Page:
As we analyzed these functions, we identified that a majority of these were available within Oracle Identity Manager (OIM) 11g R2 which simplified their replication. Further, the User Interface (UI) enhancements in OIM 11g R2 allowed for significant customization to the end-user pages, such as the ‘My Information’ page, with minimal custom code. Initial replication of the core functionalities was crucial to the overall project and allowed for the replacement of Waveset as an end-user facing solution on Day 1 of the OIM go-live. However, this did not cover the numerous resource integrations that Waveset had behind the scenes that would also need to be migrated. Several functionalities such as account activation and password reset/forgot password that required specific workflows and service integration were replicated in separate Oracle ADF-based applications that were split away from the OIM managed servers. This allowed for the highly used end-user functions to run separate of the OIM instances to provide for increased flexibility in load management and tuning.
Resource Migration Approach
As the numerous resources requiring migration would take significant time and effort, it was decided that these resources would be moved over in a phased manner requiring both OIM and Waveset to operate in parallel for a period of time. This approach reduced risk, as a single cutover would have been highly complex with multiple moving parts across colleges and campuses. To enable this to be possible, OIM and Waveset would need to operate together as we migrated each campus from the old Waveset platform to the new OIM platform. To help accomplish this, a custom connector between OIM and Waveset was built to synchronize certain user attributes so that Waveset could update and maintain those attributes on the resources that remained to be managed by it.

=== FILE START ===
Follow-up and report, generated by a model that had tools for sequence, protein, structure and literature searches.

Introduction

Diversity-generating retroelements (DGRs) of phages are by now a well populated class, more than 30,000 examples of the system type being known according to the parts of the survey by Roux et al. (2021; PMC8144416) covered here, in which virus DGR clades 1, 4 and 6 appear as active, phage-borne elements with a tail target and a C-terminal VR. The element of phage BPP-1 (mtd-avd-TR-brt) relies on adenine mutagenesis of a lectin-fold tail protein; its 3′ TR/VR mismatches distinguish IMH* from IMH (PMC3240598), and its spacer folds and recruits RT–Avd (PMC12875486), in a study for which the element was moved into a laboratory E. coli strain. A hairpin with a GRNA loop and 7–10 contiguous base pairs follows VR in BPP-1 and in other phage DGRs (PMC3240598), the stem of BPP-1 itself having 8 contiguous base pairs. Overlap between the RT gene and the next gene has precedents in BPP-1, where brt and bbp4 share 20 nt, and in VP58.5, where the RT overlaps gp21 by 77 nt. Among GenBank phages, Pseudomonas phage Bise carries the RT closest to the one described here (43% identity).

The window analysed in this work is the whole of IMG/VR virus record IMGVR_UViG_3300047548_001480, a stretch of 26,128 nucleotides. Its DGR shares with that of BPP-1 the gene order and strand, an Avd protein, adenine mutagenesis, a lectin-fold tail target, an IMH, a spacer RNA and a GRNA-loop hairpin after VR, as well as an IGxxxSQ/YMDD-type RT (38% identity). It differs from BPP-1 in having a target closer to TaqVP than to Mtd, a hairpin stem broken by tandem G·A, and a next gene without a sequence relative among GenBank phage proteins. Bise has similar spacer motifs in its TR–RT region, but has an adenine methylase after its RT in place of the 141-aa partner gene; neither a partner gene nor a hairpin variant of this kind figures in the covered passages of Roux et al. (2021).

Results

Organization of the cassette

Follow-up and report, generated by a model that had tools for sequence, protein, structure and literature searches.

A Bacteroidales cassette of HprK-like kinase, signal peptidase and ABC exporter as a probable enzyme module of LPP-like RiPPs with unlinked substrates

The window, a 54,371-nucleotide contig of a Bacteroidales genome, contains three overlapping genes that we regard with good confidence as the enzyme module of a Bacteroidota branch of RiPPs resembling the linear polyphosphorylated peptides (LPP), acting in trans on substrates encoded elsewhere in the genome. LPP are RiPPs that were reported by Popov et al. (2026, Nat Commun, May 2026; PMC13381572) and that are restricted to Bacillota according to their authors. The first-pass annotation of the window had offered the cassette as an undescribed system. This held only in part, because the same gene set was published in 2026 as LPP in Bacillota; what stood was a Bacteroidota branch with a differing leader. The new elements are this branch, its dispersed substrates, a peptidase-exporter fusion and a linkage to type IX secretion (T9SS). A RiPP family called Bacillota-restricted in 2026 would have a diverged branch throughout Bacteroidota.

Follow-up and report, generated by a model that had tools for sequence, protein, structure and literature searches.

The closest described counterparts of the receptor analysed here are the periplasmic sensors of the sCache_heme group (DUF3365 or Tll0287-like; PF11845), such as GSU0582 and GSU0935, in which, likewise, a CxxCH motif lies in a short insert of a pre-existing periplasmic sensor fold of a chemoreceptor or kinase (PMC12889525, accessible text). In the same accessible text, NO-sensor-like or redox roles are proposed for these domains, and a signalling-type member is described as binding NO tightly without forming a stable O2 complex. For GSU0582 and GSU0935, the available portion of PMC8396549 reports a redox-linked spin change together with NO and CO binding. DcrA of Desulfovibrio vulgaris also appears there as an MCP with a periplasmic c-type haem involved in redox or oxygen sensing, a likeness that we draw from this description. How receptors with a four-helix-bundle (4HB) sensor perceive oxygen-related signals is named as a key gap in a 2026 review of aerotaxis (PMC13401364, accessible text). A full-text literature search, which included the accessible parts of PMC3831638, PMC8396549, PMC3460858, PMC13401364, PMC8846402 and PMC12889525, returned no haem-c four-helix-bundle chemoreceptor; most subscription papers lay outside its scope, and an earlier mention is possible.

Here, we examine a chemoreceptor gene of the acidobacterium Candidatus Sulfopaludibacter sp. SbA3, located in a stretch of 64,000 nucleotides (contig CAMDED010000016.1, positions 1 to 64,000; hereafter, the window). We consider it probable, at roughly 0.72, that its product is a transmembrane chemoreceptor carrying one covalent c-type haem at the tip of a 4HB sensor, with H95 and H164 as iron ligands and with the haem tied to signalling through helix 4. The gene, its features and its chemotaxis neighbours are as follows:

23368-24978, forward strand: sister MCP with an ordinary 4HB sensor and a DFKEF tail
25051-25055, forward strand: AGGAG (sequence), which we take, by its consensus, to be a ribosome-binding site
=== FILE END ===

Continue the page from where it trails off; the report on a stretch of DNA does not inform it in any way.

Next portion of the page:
Overall, this approach turned out to be highly beneficial as it allowed the team time to ease into using the new identity solution, reduced the risks that would have been present in a single “big bang” cutover event and allowed for a quick win which displays critical progress and success to solution stakeholders.